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allowed animal appear authority become believe British called carried cause character Church classes colonies common condition considerable considered course desire doubt effect England English existence experience fact feeling force foreign French give given Government hand Home House human idea important increase influence interest islands Italy kind knowledge known land less letters Liberal living London look Lord matter means mind moral nature never object once opinion original party passed perhaps period persons political poor position possession possible practical present probably question reason regard remains represented respect result Rule seems side success taken things thought tion trade true University whole write young
Page 106 - Fear thou not; for I am with thee: Be not dismayed; for I am thy God: I will strengthen thee; yea, I will help thee; Yea, I will uphold thee with the right hand of my righteousness.
Page 480 - The knowledge of man is as the waters, some descending from above, and some springing from beneath; the one informed by the light of nature, the other inspired by divine revelation.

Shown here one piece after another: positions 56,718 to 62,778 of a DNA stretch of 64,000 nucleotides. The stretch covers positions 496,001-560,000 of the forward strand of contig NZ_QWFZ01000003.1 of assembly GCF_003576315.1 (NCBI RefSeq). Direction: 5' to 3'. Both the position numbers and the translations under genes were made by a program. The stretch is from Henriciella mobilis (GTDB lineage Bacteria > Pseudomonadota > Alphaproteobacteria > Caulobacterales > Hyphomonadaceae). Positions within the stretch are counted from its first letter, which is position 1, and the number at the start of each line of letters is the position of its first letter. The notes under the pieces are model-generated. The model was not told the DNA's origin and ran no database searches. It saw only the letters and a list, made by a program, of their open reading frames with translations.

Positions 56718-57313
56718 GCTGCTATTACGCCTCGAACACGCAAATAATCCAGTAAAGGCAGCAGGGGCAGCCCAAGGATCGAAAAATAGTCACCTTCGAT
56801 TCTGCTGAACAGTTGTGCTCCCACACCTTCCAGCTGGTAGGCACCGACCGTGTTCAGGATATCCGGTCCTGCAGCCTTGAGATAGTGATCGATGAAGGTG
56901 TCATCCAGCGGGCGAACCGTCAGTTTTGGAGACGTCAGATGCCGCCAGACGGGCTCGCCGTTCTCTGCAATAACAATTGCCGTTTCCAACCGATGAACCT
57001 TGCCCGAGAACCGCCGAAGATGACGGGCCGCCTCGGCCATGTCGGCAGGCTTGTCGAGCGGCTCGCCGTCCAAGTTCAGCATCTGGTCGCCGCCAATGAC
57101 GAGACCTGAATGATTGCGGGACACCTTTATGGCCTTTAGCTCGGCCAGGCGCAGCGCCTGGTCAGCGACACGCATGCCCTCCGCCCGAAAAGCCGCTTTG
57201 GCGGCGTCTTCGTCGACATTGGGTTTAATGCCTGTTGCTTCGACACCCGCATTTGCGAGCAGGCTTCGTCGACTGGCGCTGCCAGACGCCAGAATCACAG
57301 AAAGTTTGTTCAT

Page 406 - After the doings of the land of Egypt, wherein ye dwelt, shall ye not do : and after the doings of the land of Canaan, whither I bring you, shall ye not do: neither shall ye walk in their ordinances.
Page 473 - ... through three different theoretical conditions: the Theological, or fictitious; the Metaphysical, or abstract; and the Scientific, or positive. In other words, the human mind, by its nature, employs in its progress three methods of philosophizing, the character of which is essentially different, and even radically opposed: viz., the theological method, the metaphysical, and the positive.
Page 813 - As watchman to my heart. But, good my brother, Do not, as some ungracious pastors do, Show me the steep and thorny way to heaven, Whilst, like a puffd and reckless libertine, Himself the primrose path of dalliance treads And recks not his own rede.
Page 473 - The law is this: that each of our leading conceptions, each branch of our knowledge, passes successively through three different theoretical conditions: the Theological, or fictitious; the Metaphysical, or abstract; and the Scientific, or positive.
Page 566 - That in case the crown and imperial dignity of this realm shall hereafter come to any person, not being a native of this kingdom of England, this nation be not obliged to engage in any war for the defence of any dominions or territories which do not belong to the crown of England, without...
Page 473 - From the study of the development of human intelligence, in all directions, and through all times, the discovery arises of a great fundamental law, to which it is necessarily subject, and which has a solid foundation of proof, both in the facts of our organization and in our historical experience.